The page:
Nancy Grace insists that the governor of California governor has declared a state of emergency following the nuclear radiation hazard from Japan. Her weatherman disagrees.
Nancy Grace may not be a scientific authority, but she is asking the questions that no one else is. Last week the IAEA said if the radiation in Japan continues, the health hazard to the US would have to be reassessed. This week temperatures at Fukushima are rising and the radiation continues. Who's reassessing the threat?
Yesterday, the EPA measured an aberration in Hawaii radiation levels:
As of 6:30pm (EDT) preliminary monitor results in Hawaii detected minuscule levels of an isotope that is consistent with the Japanese nuclear incident. This detection varies from background and historical data in Hawaii. This isotope was detected at our fixed monitor in Hawaii, and it is far below any level of concern for human health. The sampling filter from this monitor is being sent to our national radiation lab for further analysis.California's state of emergency may be complicated by nuclear fallout, but at this point it's weather-related. The governor declared a state of emergency in California following heavy rainstorms across six counties. According to forecasts, the strongest part of the storm is set to hit California Wednesday morning. Two have already died from the storm.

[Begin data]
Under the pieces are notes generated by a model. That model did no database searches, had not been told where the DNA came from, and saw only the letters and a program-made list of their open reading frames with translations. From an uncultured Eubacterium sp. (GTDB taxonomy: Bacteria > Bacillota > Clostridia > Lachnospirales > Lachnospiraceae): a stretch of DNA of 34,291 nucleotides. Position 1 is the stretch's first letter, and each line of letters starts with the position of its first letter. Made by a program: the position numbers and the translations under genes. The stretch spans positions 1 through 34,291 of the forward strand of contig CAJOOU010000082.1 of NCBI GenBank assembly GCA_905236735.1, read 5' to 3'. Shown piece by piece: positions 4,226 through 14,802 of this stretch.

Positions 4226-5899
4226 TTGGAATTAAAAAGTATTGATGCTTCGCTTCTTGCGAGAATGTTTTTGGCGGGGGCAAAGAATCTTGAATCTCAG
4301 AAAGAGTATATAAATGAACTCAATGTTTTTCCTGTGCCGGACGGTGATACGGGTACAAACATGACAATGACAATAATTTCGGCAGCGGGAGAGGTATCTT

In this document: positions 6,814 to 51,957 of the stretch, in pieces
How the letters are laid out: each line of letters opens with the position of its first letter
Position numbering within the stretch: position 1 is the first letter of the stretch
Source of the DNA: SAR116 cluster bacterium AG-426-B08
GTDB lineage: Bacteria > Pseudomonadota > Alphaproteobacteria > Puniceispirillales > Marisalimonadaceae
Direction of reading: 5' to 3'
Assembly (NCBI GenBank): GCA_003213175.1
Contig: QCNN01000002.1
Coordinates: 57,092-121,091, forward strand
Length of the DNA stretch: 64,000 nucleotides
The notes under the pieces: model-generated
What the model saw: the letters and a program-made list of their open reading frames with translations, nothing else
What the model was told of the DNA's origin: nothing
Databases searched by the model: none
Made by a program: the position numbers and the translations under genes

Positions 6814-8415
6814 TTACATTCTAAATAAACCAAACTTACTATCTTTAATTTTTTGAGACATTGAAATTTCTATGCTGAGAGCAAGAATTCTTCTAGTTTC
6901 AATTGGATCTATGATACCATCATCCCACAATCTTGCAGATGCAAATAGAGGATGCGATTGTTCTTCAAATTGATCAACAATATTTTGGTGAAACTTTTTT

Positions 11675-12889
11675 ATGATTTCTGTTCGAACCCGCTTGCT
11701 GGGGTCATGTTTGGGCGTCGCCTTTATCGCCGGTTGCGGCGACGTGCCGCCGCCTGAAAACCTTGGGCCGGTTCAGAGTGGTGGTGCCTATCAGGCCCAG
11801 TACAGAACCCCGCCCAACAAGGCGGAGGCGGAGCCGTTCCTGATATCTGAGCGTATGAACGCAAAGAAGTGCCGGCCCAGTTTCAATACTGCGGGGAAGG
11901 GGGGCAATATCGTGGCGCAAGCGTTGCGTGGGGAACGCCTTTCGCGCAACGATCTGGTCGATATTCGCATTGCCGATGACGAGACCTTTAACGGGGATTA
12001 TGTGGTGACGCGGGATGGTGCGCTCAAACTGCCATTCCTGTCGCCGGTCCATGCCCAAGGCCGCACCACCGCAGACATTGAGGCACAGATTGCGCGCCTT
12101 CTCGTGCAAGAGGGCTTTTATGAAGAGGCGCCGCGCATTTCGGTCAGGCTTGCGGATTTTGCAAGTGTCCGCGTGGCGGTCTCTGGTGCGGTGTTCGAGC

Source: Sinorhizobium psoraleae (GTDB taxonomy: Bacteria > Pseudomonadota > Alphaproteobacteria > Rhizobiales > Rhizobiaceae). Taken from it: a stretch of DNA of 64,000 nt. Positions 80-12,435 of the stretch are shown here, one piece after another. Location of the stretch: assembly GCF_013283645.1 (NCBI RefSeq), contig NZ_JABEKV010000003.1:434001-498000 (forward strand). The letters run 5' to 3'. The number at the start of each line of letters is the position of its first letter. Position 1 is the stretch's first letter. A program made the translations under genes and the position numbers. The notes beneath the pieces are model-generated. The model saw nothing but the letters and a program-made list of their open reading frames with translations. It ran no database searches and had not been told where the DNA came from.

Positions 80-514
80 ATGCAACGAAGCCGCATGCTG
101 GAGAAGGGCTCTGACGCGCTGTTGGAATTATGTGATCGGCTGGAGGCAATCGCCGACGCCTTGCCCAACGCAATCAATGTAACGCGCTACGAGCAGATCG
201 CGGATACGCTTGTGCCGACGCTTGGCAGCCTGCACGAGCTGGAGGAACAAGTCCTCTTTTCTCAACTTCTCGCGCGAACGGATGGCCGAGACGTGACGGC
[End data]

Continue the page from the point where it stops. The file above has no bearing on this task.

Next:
Is California taking the next hit? A few months back, scientists warned of a deadly California superstorm in the state's future. Now a Newsweek columnist says after Chile, New Zealand and Japan, California is next up for a major quake.
And today, March 23rd, the US National Oceanic and Atmospheric Administration's two tsunami warning centers in Alaska and Hawaii will be simulating earthquake and tsunami warnings along major Pacific ocean fault lines.